Evidence-Based Strategies for the Prehabilitation of the Abdominal Wall Reconstruction Patient

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Abstract

Summary:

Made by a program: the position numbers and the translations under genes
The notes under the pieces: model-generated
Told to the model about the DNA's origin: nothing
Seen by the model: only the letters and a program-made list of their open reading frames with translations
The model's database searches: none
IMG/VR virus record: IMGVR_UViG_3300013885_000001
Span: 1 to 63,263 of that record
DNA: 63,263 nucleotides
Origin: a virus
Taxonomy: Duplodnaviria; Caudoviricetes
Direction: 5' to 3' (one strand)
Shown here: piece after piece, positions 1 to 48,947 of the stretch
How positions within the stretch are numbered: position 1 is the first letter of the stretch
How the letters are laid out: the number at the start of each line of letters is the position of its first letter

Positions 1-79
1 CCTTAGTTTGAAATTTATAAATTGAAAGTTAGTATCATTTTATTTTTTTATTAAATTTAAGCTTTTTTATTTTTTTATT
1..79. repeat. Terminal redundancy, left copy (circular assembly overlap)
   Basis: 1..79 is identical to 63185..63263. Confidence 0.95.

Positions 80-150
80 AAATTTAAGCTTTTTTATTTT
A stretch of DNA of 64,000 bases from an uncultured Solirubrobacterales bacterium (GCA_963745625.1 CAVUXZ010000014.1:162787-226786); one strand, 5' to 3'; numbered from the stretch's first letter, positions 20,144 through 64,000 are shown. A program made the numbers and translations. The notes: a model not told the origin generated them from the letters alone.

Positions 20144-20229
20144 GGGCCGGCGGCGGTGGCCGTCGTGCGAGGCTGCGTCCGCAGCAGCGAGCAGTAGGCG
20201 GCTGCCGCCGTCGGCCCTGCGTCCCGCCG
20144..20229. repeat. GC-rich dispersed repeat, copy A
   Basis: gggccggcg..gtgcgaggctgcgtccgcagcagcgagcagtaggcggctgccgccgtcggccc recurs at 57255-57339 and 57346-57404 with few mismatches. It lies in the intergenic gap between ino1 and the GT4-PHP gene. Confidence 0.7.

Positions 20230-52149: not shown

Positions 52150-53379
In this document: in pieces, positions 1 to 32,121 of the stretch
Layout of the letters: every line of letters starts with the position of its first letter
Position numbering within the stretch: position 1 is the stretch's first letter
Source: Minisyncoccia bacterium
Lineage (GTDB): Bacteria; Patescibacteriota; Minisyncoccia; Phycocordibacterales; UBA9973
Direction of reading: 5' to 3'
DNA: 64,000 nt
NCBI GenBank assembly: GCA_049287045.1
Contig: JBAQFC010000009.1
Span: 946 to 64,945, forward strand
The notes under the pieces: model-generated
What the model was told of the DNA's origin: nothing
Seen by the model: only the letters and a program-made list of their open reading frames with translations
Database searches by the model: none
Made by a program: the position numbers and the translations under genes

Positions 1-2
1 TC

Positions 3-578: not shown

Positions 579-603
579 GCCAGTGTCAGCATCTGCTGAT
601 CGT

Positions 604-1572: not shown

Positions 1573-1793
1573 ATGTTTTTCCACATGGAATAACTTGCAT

It is inherently challenging to achieve successful surgical outcomes for ventral hernia repairs. For complex ventral hernias, attempts to reconstruct the abdomen in patients who are overweight, deconditioned, malnourished, chronically infected or inflamed, have previous hernia recurrence, or otherwise carry a number of serious comorbidities affecting their surgical fitness are a major undertaking requiring careful preparation and planning. As the rate of abdominal wall reconstructions rises, so does the complexity of these procedures. One could argue that the prehabilitation of these patients is equally, if not more, important than the surgical technique itself. To achieve desirable outcomes and avoid surgical-site occurrences (SSOs), the surgeon must familiarize him/herself with ways to optimize a patient preoperatively. Understanding and identifying the aforementioned modifiable risk factors for SSOs is crucial. It is also important to recognize the impact that acute changes in the microbiome perioperatively can have on the postoperative success. Familiarizing oneself with the available literature for these patients is imperative. This review presents discussion and guidance for understanding the challenges and best practices for providing hernia surgery and abdominal wall reconstruction and achieving durable outcomes, with minimal SSOs.

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